A controversial coyote elimination event has opponents flinging death threats against the organizers and their families. The owners of Gunhawk Firearms, a gun store in Los Lunas, New Mexico announced it would hold a coyote-killing contest at the beginning of November. Since then, the store has been bombarded with threats, death threats and other menacing messages.
Calibers, a gun store in nearby Albuquerque, previously announced a contest along the same lines but eventually decided to cancel after severe backlash from residents. The idea behind the contest was to award an expensive firearm to the hunter who came back with the most coyote carcasses. Calibers said it would be a way to help farmers and ranchers reduce the population of coyotes that prey on their livestock.
The coyote is not a protected species and may be hunted without a license.
When Calibers gave up, Gunhawk Firearms began to entertain the idea. They announced their contest, explaining that coyotes “are a nuisance, over-populated and…they destroy livestock,” as quoted by local TV station KRQE. In retaliation, the store began receiving mail threatening to kill the owners, their family and to destroy the store.
Josh Waters, an employee of Gunhawk Firearms, told KRQE that they received letters “threatening us with explosives, burning down the shop, Molotov cocktails, and following you home to pick you off one by one.”
While the gun store owners are facing extreme threats, much of the local community has taken sides on the issue. Los Lunas resident Guy Dicharry said “a contest like this, organized by a business in this town, sends the absolute wrong message about our town.”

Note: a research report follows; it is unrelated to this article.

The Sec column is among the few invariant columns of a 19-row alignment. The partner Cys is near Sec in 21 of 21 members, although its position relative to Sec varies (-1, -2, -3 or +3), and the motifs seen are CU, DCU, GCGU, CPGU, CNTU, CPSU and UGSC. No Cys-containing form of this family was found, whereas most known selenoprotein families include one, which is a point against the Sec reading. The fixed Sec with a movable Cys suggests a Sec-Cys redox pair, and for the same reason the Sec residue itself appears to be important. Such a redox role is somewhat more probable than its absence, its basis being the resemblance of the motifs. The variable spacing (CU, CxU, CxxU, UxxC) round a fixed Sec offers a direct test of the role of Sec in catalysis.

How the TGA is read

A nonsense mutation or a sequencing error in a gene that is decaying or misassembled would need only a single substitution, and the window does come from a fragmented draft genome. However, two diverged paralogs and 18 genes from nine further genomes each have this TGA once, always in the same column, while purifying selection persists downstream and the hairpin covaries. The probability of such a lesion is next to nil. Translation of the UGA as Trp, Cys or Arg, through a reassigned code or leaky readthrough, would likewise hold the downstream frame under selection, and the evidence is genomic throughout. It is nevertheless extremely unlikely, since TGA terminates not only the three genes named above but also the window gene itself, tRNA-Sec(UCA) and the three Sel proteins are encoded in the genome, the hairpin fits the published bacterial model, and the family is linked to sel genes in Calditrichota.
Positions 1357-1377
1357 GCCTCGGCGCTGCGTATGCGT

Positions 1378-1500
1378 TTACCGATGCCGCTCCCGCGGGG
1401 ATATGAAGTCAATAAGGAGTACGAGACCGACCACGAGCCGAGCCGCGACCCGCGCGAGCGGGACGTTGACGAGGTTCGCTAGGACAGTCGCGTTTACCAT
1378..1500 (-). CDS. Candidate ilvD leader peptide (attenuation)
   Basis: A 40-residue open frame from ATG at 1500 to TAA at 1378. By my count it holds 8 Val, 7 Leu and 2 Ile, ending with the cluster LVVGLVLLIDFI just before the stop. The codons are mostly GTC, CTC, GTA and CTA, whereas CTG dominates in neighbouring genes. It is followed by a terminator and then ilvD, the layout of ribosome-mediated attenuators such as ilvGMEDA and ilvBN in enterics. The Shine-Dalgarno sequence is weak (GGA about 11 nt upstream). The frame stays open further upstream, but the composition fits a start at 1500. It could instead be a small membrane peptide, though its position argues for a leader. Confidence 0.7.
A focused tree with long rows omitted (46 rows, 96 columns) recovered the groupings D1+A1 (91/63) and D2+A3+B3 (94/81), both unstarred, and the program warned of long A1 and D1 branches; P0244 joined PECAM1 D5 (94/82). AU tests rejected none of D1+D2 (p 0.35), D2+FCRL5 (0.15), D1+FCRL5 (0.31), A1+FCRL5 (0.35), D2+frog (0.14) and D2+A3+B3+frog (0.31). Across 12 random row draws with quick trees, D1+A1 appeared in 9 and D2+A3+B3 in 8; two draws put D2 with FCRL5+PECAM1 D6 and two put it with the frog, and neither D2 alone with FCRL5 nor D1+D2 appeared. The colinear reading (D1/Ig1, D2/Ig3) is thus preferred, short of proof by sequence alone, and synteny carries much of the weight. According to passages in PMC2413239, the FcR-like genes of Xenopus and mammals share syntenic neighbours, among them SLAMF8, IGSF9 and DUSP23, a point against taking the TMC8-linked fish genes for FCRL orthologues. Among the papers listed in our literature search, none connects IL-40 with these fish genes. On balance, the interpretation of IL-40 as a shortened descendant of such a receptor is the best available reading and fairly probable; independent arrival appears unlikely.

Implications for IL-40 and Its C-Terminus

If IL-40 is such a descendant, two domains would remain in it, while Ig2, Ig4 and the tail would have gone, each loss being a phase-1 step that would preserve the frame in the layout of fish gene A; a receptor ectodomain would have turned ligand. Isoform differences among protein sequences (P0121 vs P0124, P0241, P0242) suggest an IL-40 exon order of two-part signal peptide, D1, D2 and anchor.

This past Saturday, about two dozen protesters showed up to demand that the store cancel the contest. Supporters of the hunt also came out to demonstrate, saying hunting is a right just like any other. The simultaneous protests escalated to a point that police had to separate protesters and supporters, fearing that a fight would break out at any moment.
Gunhawk is making record sales and had a total of 90 hunters already signed up for the contest as of November 11. They expect the number to double by the time the contest officially commences on the weekend of November 17 and 18.
Those opposed to the contest had acquired more than 28,000 signatures on a petition to end the contest. They say the body count is cruel and that it is also a risk to public safety.
For now, the competition is scheduled to go on. Six teams have already paid the entry fee. The winners will receive either a Browning Maxus 12-gauge shotgun or two AR-15 rifles.